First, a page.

Digital Adaptations


Thesis Exhibition of Interdisciplinary Master's Student Nick Sweetman

 
DateFriday, January 10, 2014 - 5:00am

Cost

Free

Website

http://www.nicksweetman.ca

Location

Graduate Gallery, Ground Floor 205 Richmond St. West Toronto, Ontario

Opening reception Friday January 10, 7:00 - 11:00 PM

Thesis Exhibition of Interdisciplinary Master's Student Nick Sweetman

"Engaging with images far exceeds the boundaries of the frame and involves a process of visualization that cannot be constrained (the mental space of the viewer) nor should it be."
- Ron Burnett

Images are important tools for human communication. Making images of things we see around us is one of humanity's oldest cultural practices and the one that often defines an important stage in our cognitive evolution as a species: the birth of symbolic thought. Through this practice it became possible to make concretely visible what could be pictured by the mind (whether memories of things seen or the products of imagination) through a likeness created out of the materials at one's disposal.

Representing something through an image can be carried out in an infinite number of ways, depending on the choices of the artist, but an image's success as a representation depends on the viewer's individual judgment. This judgment involves not only vision but also imaginative extrapolations on vision that are unique to one’s particular experiences and cultural context – an active mental process Burnett calls ‘visualization.’ This interpretation and evaluation of images is a complex and poorly understood process of generating meaning by expanding upon what is seen. What are the qualities of a successful representation and how does it lead the viewer to interpret the image as plausible?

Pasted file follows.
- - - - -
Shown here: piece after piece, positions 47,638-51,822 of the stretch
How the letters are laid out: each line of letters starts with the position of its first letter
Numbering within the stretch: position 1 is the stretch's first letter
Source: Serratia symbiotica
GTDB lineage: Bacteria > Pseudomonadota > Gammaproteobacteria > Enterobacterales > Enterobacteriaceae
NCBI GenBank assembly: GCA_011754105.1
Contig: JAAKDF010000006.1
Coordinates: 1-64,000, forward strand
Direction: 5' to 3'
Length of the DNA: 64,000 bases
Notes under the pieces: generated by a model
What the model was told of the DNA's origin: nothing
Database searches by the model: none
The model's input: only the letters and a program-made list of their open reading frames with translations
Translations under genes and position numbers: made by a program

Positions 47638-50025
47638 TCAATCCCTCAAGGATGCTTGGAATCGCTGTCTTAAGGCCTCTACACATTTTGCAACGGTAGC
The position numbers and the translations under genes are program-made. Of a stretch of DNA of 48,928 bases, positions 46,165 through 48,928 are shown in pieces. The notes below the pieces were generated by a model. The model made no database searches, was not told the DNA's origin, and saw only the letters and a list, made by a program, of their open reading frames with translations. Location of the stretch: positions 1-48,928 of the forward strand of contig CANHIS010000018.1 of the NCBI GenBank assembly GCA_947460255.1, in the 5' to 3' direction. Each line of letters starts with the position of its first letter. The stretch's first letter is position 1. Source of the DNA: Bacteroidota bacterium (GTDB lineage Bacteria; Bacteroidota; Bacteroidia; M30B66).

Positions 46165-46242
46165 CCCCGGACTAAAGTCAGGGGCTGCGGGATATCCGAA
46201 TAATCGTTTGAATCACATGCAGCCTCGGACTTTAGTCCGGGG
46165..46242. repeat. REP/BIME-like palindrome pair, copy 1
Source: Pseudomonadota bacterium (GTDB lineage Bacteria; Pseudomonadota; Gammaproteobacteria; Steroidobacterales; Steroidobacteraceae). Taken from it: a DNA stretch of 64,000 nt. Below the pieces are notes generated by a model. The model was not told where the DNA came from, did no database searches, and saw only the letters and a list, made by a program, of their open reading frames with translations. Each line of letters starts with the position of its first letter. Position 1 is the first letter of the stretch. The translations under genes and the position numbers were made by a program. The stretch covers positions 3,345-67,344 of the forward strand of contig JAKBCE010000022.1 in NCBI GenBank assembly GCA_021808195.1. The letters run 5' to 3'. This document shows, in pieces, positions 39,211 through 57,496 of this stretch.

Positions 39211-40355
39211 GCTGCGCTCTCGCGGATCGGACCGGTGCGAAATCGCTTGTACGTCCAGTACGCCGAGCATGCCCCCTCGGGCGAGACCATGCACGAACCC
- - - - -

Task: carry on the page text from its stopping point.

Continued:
The work in "Digital Adaptations" can be seen as an attempt to picture this process – as a pictorial metaphor for the role of visualization in seeing, interpreting and making representative images. Each piece begins from an image – a photograph taken of the surface of a found object. Through various material translations, the picture is extended beyond the boundaries of the image into an imagined larger composition that incorporates the photograph seamlessly. How is plausibility achieved in representing beyond the limited field of the image?

Nick Sweetman is an independent artist whose practice revolves primarily around painting, though his body of work includes installation, public intervention, video, photography, and graphic design. He is fascinated by the spontaneous and the playful role it often has in his process. Currently he is finishing his thesis work at Ontario College of Art & Design in the Interdisciplinary Masters of Art, Media & Design program. His MFA thesis incorporates painting, photography, found objects and a variety of other material processes in an attempt to investigate representation and the mimetic tradition in art. His paintings and videos have been exhibited throughout Toronto, most recently as part of the Elaine Fleck Gallery’s catalogue show Presents, and as part of the group shows Grow Op and Lucky 13 at the Gladstone Hotel. In addition to his independent portfolio, he has worked as lead artist on a number of projects for various private and corporate clients, from small scale images for clothing, posters, tattoos, and even hockey equipment, to the creation of large scale murals. He lives and works in Toronto.

DateFriday, January 10, 2014 - 5:00am

Cost

Free

Website

http://www.nicksweetman.ca

Location

Graduate Gallery, Ground Floor 205 Richmond St. West Toronto, Ontario